Not my usual cup of tea but the writing was fab and much more interesting than a standard noir. Oh the mind games! I genuinely didn't know how it was going to end. Quick read too.
Bill Syken
Oct 20, 2017 rated it liked it
Great vibe and atmosphere, crazy/dicey story. Not prime Jim Thompson, but it's still Jim Thompson.
Brandon Montgomery
I'm not going to go in to the specifics of the story since the summary at the top of this page is as good a preview as any. Instead, I'll just generalize so your reading of the novel won't be tainted by my opinions of every twist and turn. For instance...

This one, like all of Jim Thompson's novels, takes place in a small town in hell populated entirely by murderers, thieves, psychopaths, sociopaths, cowards, con men, alcoholics, blackmailers, whores, crooked cops, crooked politicians, the
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The Professor
Nov 20, 2019 rated it liked it
“How long could you live in a world where everyone knew you didn't have a pecker?” Ah that sunny fellow Jim Thompson, how he keeps me warm on my commute with his tales of male FUBARs going off the deep end. “Nothing” is the usual first rate man-fic which, even if it doesn’t reach the heights of “The Killer Inside Me” or “Pop.1280” is still larded with deliciously unpalatable truths about what happens when it all gets a bit much for your average homicidal maniac.

The average homicidal maniac here
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Jon
May 21, 2018 rated it really liked it  ·  review of another edition
Jim Thompson is rad as hell. The Nothing Man twists and turns on a darkly comic journey through male post-war anxiety and disillusionment. Which, in Thompson’s hands is both distressingly heavy and slapstickingly ludicrous. The literal emasculation anxiety and shame is deeply comical, and simultaneously a disturbingly poignant critique of white heterosexual masculinity—something that’s found new levels of disturbing relevance in the age of beta males, MRAs, incels and #metoo.

The danger,
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RB
Nov 03, 2019 rated it really liked it
In Jim Thompson's, "The Nothing Man", a war veteran missing a certain characteristic works as a newspaperman and helps the police track down a murderer. The killer is, of course, our protagonist. Not unlike other Thompson novels featuring a sly killer as the lead character, it's a case of a newer type of person versus the older, the unpredictably mad new trauma-laden type versus the trust-me-I'm-an-old-timer, and that of a man with nothing to lose going up against someone with a hell of a lot to ...more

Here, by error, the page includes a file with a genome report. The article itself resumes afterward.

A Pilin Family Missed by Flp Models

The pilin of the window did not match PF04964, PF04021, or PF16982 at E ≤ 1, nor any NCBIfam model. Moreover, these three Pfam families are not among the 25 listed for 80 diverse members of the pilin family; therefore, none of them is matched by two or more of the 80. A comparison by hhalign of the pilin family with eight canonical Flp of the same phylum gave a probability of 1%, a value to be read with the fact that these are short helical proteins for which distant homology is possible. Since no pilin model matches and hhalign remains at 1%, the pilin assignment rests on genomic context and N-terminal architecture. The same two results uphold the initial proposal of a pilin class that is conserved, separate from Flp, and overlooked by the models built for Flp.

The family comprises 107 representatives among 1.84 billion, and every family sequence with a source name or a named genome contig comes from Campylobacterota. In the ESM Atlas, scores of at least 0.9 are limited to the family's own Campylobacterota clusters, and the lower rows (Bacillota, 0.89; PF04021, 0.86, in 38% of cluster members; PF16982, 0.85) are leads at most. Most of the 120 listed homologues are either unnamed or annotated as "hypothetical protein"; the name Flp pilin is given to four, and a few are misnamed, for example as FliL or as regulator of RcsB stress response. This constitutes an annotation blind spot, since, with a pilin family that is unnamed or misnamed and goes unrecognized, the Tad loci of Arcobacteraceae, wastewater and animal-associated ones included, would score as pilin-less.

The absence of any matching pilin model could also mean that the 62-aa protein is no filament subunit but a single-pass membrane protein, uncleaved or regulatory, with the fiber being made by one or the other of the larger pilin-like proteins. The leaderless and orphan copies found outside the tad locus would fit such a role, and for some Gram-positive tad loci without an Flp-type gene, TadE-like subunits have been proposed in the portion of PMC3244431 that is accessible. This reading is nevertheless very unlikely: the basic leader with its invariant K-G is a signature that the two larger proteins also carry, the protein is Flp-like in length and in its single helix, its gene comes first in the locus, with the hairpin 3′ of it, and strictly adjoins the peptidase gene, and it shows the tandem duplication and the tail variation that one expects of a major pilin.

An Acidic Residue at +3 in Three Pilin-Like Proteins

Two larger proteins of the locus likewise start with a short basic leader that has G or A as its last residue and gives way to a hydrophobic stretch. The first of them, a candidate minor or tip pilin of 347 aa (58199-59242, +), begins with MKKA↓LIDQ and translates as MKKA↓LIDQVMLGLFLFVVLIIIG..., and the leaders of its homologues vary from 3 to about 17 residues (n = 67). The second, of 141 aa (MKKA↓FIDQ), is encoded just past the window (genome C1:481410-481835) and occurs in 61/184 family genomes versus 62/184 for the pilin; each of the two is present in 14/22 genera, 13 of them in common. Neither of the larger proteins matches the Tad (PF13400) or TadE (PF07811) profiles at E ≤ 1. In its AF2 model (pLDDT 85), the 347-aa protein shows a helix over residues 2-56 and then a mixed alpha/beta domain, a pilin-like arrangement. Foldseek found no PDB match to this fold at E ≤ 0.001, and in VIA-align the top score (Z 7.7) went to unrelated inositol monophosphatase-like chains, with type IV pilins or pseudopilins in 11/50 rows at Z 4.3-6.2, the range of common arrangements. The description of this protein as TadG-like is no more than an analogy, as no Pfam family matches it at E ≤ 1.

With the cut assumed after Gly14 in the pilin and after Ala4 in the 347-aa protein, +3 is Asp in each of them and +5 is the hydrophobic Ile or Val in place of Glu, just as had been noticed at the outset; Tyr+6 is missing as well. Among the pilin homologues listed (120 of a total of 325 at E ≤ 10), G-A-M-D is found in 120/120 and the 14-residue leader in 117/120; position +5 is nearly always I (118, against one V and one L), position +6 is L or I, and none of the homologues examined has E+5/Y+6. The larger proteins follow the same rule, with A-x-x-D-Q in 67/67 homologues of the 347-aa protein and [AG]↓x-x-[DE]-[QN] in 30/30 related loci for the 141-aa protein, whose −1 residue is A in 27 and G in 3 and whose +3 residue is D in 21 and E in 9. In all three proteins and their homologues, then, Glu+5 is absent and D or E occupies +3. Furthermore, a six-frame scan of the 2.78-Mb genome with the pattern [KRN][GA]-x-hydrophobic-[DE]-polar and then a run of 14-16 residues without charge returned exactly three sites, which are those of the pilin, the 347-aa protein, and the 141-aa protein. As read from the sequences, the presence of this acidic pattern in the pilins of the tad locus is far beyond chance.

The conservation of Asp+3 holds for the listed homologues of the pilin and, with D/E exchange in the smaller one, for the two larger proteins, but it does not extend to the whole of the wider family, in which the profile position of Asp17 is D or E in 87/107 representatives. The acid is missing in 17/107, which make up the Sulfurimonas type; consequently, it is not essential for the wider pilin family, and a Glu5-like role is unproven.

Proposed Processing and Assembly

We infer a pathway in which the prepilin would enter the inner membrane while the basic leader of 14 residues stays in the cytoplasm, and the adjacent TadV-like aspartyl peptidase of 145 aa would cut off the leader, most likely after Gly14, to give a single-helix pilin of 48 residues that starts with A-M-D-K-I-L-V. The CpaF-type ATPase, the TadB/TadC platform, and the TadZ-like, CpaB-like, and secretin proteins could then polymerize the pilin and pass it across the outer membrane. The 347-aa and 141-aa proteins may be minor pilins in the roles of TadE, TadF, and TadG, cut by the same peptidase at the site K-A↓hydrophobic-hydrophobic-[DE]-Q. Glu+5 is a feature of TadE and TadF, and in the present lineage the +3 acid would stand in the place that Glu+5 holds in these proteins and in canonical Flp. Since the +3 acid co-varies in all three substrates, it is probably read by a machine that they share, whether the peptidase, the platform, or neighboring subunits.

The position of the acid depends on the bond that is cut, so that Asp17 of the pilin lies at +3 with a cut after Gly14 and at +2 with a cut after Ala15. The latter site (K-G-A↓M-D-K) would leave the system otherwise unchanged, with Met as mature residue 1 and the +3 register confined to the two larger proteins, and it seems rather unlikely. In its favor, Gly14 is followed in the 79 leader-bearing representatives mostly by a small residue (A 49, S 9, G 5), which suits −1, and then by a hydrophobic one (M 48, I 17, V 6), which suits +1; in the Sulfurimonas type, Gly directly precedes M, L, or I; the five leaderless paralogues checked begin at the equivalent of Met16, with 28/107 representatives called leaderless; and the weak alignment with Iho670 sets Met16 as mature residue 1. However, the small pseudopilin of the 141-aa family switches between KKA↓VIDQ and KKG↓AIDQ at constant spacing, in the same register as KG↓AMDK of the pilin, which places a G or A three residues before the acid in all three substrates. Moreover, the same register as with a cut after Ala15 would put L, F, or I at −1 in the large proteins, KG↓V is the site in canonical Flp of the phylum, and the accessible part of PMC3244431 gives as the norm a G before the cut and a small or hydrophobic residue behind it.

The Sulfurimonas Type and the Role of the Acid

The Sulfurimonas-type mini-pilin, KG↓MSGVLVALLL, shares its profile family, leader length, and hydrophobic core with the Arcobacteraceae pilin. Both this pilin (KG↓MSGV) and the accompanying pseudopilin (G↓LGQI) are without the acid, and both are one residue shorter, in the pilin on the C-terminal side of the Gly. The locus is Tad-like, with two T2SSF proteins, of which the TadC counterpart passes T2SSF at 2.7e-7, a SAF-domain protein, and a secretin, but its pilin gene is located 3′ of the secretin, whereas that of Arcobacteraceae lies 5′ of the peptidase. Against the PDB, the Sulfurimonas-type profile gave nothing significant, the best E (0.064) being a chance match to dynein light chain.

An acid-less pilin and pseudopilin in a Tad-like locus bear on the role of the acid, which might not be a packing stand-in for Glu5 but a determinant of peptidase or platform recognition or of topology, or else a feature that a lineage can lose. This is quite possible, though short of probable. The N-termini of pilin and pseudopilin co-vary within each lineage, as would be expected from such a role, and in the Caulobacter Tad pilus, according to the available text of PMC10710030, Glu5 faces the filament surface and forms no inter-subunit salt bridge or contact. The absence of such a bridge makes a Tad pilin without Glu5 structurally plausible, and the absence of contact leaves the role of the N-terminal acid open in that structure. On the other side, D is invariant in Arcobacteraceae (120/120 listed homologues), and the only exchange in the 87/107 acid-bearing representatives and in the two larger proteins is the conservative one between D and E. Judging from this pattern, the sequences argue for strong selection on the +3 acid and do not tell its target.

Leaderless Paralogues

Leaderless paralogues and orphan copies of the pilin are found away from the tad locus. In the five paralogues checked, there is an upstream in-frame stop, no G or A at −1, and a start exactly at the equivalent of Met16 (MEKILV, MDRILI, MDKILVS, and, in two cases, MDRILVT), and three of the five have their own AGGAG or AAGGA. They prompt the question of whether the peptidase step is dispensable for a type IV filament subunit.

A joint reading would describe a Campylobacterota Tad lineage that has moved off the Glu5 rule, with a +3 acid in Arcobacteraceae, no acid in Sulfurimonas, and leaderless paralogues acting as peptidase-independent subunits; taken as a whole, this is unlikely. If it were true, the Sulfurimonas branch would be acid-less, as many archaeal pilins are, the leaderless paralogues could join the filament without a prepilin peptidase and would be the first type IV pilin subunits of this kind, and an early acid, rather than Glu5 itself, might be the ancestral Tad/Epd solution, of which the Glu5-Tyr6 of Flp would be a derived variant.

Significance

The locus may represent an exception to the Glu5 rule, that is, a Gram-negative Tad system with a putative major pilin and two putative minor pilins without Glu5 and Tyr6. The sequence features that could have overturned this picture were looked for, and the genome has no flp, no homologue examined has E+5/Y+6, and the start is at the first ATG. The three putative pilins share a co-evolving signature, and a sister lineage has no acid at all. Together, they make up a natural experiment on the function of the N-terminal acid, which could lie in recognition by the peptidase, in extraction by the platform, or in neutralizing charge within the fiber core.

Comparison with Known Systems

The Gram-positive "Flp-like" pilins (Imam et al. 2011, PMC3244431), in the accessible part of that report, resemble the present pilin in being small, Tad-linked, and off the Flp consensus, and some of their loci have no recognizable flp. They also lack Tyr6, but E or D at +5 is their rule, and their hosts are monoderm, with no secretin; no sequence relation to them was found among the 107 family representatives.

Mathias
Sep 23, 2019 rated it it was ok
Definitely not one of his best
Guy Salvidge
Aug 25, 2015 rated it liked it
This is a clever book, but I can't say I enjoyed it as much as at least 5-6 of Thompson's other novels. So many of his books are one and the same, really. There's a psychopathic protagonist who kills for no particular reason (normally women) and then kills more people to cover up the initial murder/s. There's always a lot of sadistic conversation with other characters who are being duped/framed for the crimes of the protagonist. And our antihero nearly always cops it in the neck in the end. This ...more
Asif Ghazanfar
May 18, 2018 rated it it was ok
I got this book on a whim. I was visiting an excellent book store in Brooklyn called Quimby's. It has a neat but ecclectic collection. I noted a series of books by Jim Thompson; on each it had a blurb that said Thompson was "The most hard-boiled of all the American writers of crime fiction." I needed a palate-cleansing book between my more intense reading, so I picked one out at random and bought it.

"The Nothing Man" was mildly entertaining. It was okay on the crime fiction front, but I also
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Roger
Apr 16, 2014 rated it it was amazing  ·  review of another edition
Brilliant.

The wit & clever word-play immediately draws you in and endears the narrator to you. This is in spite of the character's, inferred, cringe-inducing injury & apparent nonchalant manner in which he kills the women in his life.

But what elevates the book is the "call to action" in the end; forcing the reader to exam how he/she uses his/her own perceived lackings/handicaps to insulate and excuse him/her from trying/doing/feeling whatever it is from which he/she is guarding
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James Myers Thompson was a United States writer of novels, short stories and screenplays, largely in the hardboiled style of crime fiction.

Thompson wrote more than thirty novels, the majority of which were original paperback publications by pulp fiction houses, from the
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“The phone rang. Softly, in actuality, yet it seemed loud and ominous, as phones do at night in dark hotel rooms.” 26 likes